His business soon expanded, and he began running bread-making courses in addition to supplying bread to local establishments. Currently, he offers fifteen artisan bread-making courses designed specifically to teach all the theory and techniques to make the perfect loaf. Think of any bread, and Jeff has likely developed a course in it ranging from sourdough bread to ciabatta to croissants; he’s got them all covered. He also has a course designed for families and friends as he believes that baking bread together as a family or with a group of friends is an excellent way of spending quality time together and learning a life skill simultaneously.

There is another side to his business as well —business consultancy. Jeff trains restaurants, bakers and boutique hotels in the art of bread making. These courses are customised to meet the business’s specific needs, typically lasting three to four days.

Sue and Jeff’s other activities are their holiday cottages in Wakkerstroom that they rent out, and Sue owns Village Bakery – the local bakery and coffee shop. Sue roasts her own coffee and also makes beautifully handcrafted leather bags.

When asked why he chose Wakkerstroom, he is quick to tell you about this hidden gem in South Africa. Wakkerstroom is the second oldest town in Mpumalanga and has become one of the prime bird-watching venues in South Africa. It is also well known for its cycling and walking routes, quaint shops and restaurants.

Jeff’s passion is contagious. Teaching the art of bread making is not a job for him; it’s his purpose and combines all the things he loves. But it’s not all work and no play. Jeff and Sue work on their own terms. They love exploring and visit the Drakensburg and Mozambique frequently. They like to go away at least every two months. Family is important to them, so they see their seven grandchildren as often as possible.

We always encourage clients to find balance in the areas of work, give back, relationships, money, learn, health, purpose and play. Jeff is undoubtedly someone who has achieved this balance. As Sheryl Sandberg says, “It is the ultimate luxury to combine passion and contribution. It’s also a very clear path to happiness.”

You can read more about Jeff’s courses at

Santiago de Compostela Cycling Holiday

We are a couple in our late 60s who enjoy camping, hiking, cycling and other activities with a sense of purpose and adventure. Cycling in Europe was on our bucket list, so we decided to tick this one off this year. We searched the internet for cycling routes and decided that cycling the Camino Primitivo in Northern Spain would be a worthwhile challenge.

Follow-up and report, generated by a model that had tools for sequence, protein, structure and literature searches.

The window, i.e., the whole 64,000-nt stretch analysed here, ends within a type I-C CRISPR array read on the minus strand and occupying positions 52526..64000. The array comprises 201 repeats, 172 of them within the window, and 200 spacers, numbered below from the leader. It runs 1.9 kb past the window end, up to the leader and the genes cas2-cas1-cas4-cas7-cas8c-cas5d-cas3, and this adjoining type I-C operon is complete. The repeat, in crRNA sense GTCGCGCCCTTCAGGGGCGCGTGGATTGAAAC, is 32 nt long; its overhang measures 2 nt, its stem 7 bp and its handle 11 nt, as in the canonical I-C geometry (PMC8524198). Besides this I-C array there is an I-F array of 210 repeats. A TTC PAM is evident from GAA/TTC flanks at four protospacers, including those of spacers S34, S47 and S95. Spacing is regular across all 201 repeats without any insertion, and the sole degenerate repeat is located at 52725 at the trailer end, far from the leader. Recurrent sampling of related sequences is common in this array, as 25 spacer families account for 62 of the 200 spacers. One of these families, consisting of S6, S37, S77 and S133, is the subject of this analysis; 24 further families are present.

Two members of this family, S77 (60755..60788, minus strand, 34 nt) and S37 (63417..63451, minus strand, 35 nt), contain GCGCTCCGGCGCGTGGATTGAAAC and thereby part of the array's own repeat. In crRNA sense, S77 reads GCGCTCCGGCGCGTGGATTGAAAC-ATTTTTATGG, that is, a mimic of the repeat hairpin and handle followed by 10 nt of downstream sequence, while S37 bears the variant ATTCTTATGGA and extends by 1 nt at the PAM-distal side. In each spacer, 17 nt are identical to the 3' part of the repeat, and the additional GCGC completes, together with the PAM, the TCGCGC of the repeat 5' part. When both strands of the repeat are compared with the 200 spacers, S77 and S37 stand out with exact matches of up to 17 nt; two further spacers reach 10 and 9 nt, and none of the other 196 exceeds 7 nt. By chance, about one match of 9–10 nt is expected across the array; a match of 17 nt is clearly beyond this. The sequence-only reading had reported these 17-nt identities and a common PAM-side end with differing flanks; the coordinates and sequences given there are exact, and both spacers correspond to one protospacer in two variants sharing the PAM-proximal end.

The Camino Primitivo (Original Way) is a pilgrimage route from Oviedo to Santiago de Compostela (“Santiago”). Historically it is the route followed by pilgrims who travelled to see the final resting place of Saint James. Today there are many such routes to Santiago. The routes are signposted with scallop shells indicating the direction pilgrims should follow. People who complete the pilgrimage are awarded a pilgrim’s certificate in Santiago. In order to qualify for the certificate, the pilgrim must get stamps in a pilgrim’s passport. These stamps can be obtained in churches, restaurants, hotels and lodges along the way. To qualify for a certificate, cyclists must have cycled at least the last 300km of a pilgrimage route. We choose to cycle from Oviedo to Santiago. (315km)

The Primitivo route from Oviedo to Santiago is a scenic route through the province of Asturias, passing over the mountainous countryside to the relatively flat farmlands of Galicia and onto Santiago. After researching the route carefully, we realised that we would not be able to cycle the 300 km route on ordinary mountain bikes, so we did it on e-bikes. Don’t be fooled by e-bikes; you still have to pedal, as the battery only lasts so long! A reasonable level of fitness is required. We booked a six-day self-guided cycle tour that included bed and breakfast accommodation, bike hire, a navigation app, and daily transport for our luggage. Comprehensive trip notes were provided, and we studied the notes meticulously and made sure we were fully prepared.

After arriving in Oviedo, we collected our bikes, downloaded the daily routes onto our phones and obtained a pilgrim’s passport from the tourist office. The cycling route follows the walking route, and where this was unsuitable for cyclists, the cycling route reverts to tracks and secondary roads. The app provided us with the equivalent of pre-programmed Google map routes, and after a few wrong turns, we were on our way.

The route through northern Spain gave us the opportunity to see the beautiful scenery and experience day-to-day rural Spanish life. We took plenty of time to enjoy the views and sights along the way and stopped for lunches in the villages we passed through. The first night was spent in a castle in a place called Salas. We then cycled over a serious mountain pass into Galicia. We needed the fitness training we had done at home, and we were elated when we reached the summit. Another stop was in a small town called Fonsagrada on a festival day, where we watched traditional dancing in the town square. We had the opportunity to meet a diverse bunch of pilgrims in the hotels and lodges/albergues along the way. The evenings were spent exploring the villages and towns and sampling the local fare.